Another of the less common Victorian-era houses on Nantucket is this beauty located right on Main Street, named after its first owner. Eliza Starbuck was the third child of Joseph Starbuck and Sally Gardner, a Nantucket family that had become wealthy in the whale oil industry. At 18, Eliza married Nathaniel Barney and despite their wealth, the couple shared a home with Eliza’s sister, Eunice, and her husband William Hadwen. The husbands became business partners, opening a whale oil refinery on the site of the current Nantucket Whaling Museum. This house was built around 1873 for Eliza Starbuck Barney after the death of her husband. Mrs. Barney is best known as an abolitionist, a temperance and women’s suffrage advocate, and a local genealogist. The home is a fine example of Italianate-style architecture. Note the round-arch or Roman windows and bracketed cornice typical of the style.
This Colonialized Federal period house sits just down Vestal Street from the Maria Mitchell Association campus on the ever-charming island of Nantucket. The home was built around 1820 for Gorham Hussey (1797-1879), who would have been around 23 at the time. He married Lydia Macy in 1820 and the couple had twin daughters that same year, likely right after this house was completed (talk about a busy year)! The home was later owned by photographer John W. McCalley, who photographed this and other houses in the area. The home retains a high-style Colonial Revival fanlight over the door, likely added in the first three decades of the 20th century as colonial homes were romanticized.
Colonial-inspired homes on Nantucket never will go away, and that is because the entire island is a local historic district! New construction, demolitions, and alterations to existing structures all need to be reviewed and approved on Nantucket, no easy task! This home was built in the inter-war period (before the historic district), when New Englanders still harkened back to the classics, Colonial homes. The house was built in 1939 for Annie Robb, and it was later purchased by artist couple Vladimir Kagan and Erica Wilson. Vladimir had a really interesting life. A cabinetmaker’s son, Mr. Kagan came to the United States at 11 after fleeing Nazi Germany with his family. He trained at his father’s New York workshop and by the 1940s was producing his own designs. One of his first orders was a set of tables and chairs for a delegate lounge at the fledgling United Nations! Meanwhile, across the English Channel, a young woman named Erica Wilson came into the world in 1928 in the town of Tidworth, England. Her father was in the military and the family moved to Bermuda soon after Erica’s birth. A drawing prodigy, Wilson “translated her drawing techniques into needlework,” Illya said. Needlework became her artistic focus and she graduated from the Royal School of Needlework in London. The duo lived in this home as a summer respite, where they could hone their artistry and skills. Their son, Ilya Kagan (also an artist, of course) also stayed in the home and still resides on the island. Love it!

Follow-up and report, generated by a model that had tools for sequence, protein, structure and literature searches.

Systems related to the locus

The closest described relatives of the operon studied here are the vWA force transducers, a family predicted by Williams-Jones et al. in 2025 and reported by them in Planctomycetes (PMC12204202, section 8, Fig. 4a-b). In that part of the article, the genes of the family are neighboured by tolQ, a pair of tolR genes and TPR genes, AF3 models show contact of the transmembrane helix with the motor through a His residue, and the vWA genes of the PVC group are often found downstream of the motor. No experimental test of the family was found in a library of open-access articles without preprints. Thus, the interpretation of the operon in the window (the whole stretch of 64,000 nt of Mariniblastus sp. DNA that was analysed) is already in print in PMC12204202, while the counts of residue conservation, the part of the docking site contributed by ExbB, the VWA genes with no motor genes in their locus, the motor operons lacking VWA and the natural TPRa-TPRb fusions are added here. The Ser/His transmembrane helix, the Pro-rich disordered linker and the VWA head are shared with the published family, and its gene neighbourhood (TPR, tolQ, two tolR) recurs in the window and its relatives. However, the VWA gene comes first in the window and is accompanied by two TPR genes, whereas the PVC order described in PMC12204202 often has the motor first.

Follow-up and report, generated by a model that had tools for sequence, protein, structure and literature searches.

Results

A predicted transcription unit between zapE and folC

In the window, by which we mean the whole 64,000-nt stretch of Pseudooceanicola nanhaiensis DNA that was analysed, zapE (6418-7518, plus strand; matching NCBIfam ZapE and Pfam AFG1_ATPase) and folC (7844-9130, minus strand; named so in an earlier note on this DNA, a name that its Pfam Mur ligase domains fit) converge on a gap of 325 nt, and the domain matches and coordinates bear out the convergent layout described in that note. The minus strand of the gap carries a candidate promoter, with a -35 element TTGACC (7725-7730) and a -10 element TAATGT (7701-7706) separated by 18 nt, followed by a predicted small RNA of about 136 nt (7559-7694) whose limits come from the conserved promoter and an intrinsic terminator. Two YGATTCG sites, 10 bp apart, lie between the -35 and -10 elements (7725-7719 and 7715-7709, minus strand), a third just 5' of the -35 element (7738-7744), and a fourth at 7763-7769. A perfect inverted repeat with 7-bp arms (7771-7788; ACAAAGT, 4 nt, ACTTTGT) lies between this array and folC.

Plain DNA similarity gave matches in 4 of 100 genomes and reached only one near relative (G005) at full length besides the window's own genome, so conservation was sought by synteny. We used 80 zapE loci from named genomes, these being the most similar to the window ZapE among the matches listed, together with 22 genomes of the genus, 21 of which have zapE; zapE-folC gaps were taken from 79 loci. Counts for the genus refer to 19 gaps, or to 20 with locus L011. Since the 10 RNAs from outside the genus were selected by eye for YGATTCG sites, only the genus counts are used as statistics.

Ellen Banning Ayer (1853-1918) of Minnesota married Frederick Ayer in 1884 and her life completely changed. Frederick Ayer was one of the richest men in New England and he was involved in the patent medicine business, but is better known for his work in the textile industry. After buying the Tremont and Suffolk mills in Lowell, Massachusetts, he bought up many textile operations in nearby Lawrence, combining them in 1899 into the American Woolen Company, of which he was the first president. The couple had at least three houses in Lowell, Boston, Pride’s Crossing and had three children (one of whom Beatrice, later married the famed general George Patton). As the Ayer Mansion on Commonwealth Avenue was being built, the family was looking for a country house near the city. One year, Frederick asked Ellen what she wanted for a gift and she said “roses”. Frederick purchased an old farmhouse on Nahanton Street in Newton and had greenhouses and a stable built immediately, followed by a Colonial Revival country house for his wife Ellen. The mansion held lavish parties for the Ayers, who loved to entertain and it was passed down to their eldest daughter Katharine Ayer Merrill. After her death in the 1980s, the large site was eyed for redevelopment. The architectural firm of Dimella Shaffer was hired, and they restored the Ayer House, and designed forty residential units on the site, all tucked into the woods gently peering out here and there.